- Payments for teaching, research, or other services required as a condition for obtaining the scholarship or fellowship grant are not taxable. However, you must include in income any payments you receive for services that are necessary to fulfill a National Health Service Corps Scholarship Program obligation, an Armed Forces Health Professions Scholarship, and Financial Assistance Program requirement, or a comprehensive student work.
How To Report Scholarship Amount In Federal Taxes?
Assuming that you are using your scholarship funds towards qualifying educational expenses, there is no need to report your scholarships to the IRS. However, you can include your scholarship money as part of your gross income on line 21 of form 1040. From there you will subtract out any qualified expenses (i.e., tuition and fees), and that is how much you actually pay taxes on.
If the amount of your scholarship exceeds what it would cost to pay the educational expenses related to your degree program, you can save up the remaining funds in a custodial account. If this money is not used for higher education by the time you turn 30 (the age at which you graduate and must use all qualified school-related expenses), it will become taxable.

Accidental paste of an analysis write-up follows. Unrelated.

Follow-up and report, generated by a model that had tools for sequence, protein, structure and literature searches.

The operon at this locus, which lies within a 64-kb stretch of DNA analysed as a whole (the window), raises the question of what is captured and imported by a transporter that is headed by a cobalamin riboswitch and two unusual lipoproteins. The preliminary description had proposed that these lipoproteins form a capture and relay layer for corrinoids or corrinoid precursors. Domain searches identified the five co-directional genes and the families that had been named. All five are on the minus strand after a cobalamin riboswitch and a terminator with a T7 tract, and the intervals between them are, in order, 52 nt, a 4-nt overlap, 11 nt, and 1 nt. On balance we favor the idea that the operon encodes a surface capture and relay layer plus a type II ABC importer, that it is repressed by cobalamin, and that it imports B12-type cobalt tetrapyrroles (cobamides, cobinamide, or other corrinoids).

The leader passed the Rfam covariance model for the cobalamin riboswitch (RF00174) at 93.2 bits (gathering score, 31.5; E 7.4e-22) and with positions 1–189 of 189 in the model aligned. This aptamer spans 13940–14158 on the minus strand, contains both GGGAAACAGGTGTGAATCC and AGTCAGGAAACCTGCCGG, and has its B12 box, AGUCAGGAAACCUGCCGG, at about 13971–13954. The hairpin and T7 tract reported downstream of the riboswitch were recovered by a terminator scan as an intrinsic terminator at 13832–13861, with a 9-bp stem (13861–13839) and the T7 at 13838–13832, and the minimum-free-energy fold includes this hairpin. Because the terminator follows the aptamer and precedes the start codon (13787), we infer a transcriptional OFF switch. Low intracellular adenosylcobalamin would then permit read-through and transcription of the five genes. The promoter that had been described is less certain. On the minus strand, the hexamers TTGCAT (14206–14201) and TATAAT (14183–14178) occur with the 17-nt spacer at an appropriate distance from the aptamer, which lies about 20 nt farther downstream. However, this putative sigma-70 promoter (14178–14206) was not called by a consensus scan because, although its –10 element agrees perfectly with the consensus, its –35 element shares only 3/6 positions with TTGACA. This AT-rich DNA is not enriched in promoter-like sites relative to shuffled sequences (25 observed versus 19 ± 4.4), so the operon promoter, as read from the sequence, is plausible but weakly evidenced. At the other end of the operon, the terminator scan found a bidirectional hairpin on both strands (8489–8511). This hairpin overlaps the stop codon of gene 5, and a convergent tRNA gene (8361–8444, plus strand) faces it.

If you are a US-based foreign student and participate in a scholarship, fellowship grant, or other monetary awards that is taxable, you generally must include the portion of the scholarship, fellowship grant, or other financial rewards that you must report in your gross income as follows:
- Include the taxable portion of your pay in the total amount reported on Form 1040 or Form 1040-SR. If you didn’t receive a W-2 because you were self-employed, enter “SCH” and the taxable amount in the space to the left of the “Wages, salaries, tips” line.
- Report the taxable amount on the “Scholarship and fellowship grants” line of Form 1040-NR if filing it.
- If the institution considers part of your award taxable income, you should receive a W-2 from the scholarship’s sponsor. You can report your taxed scholarship money on Form 1040.
State Taxes On Scholarship
A scholarship/fellowship that is not used for qualified costs is taxable income. Even though the payments are taxable in the state, at present no state taxes are required to be withheld by the University, which might change in the near future.
A scholarship is tax-free because it does not come from your job. It’s a gift meant to help you in your education. The only thing that is taxed in a scholarship is if it is required for service, such as being a nurse or military person in the armed forces.
Make sure that in your job contract, there isn’t anything saying that part of your payment will go towards paying taxes on an award scholarship because it will be taxed as income.
I hope this article has helped you figure out whether or not those scholarships and grants are taxable. If not, you can always check the IRS website for any hazy situations that might pop up.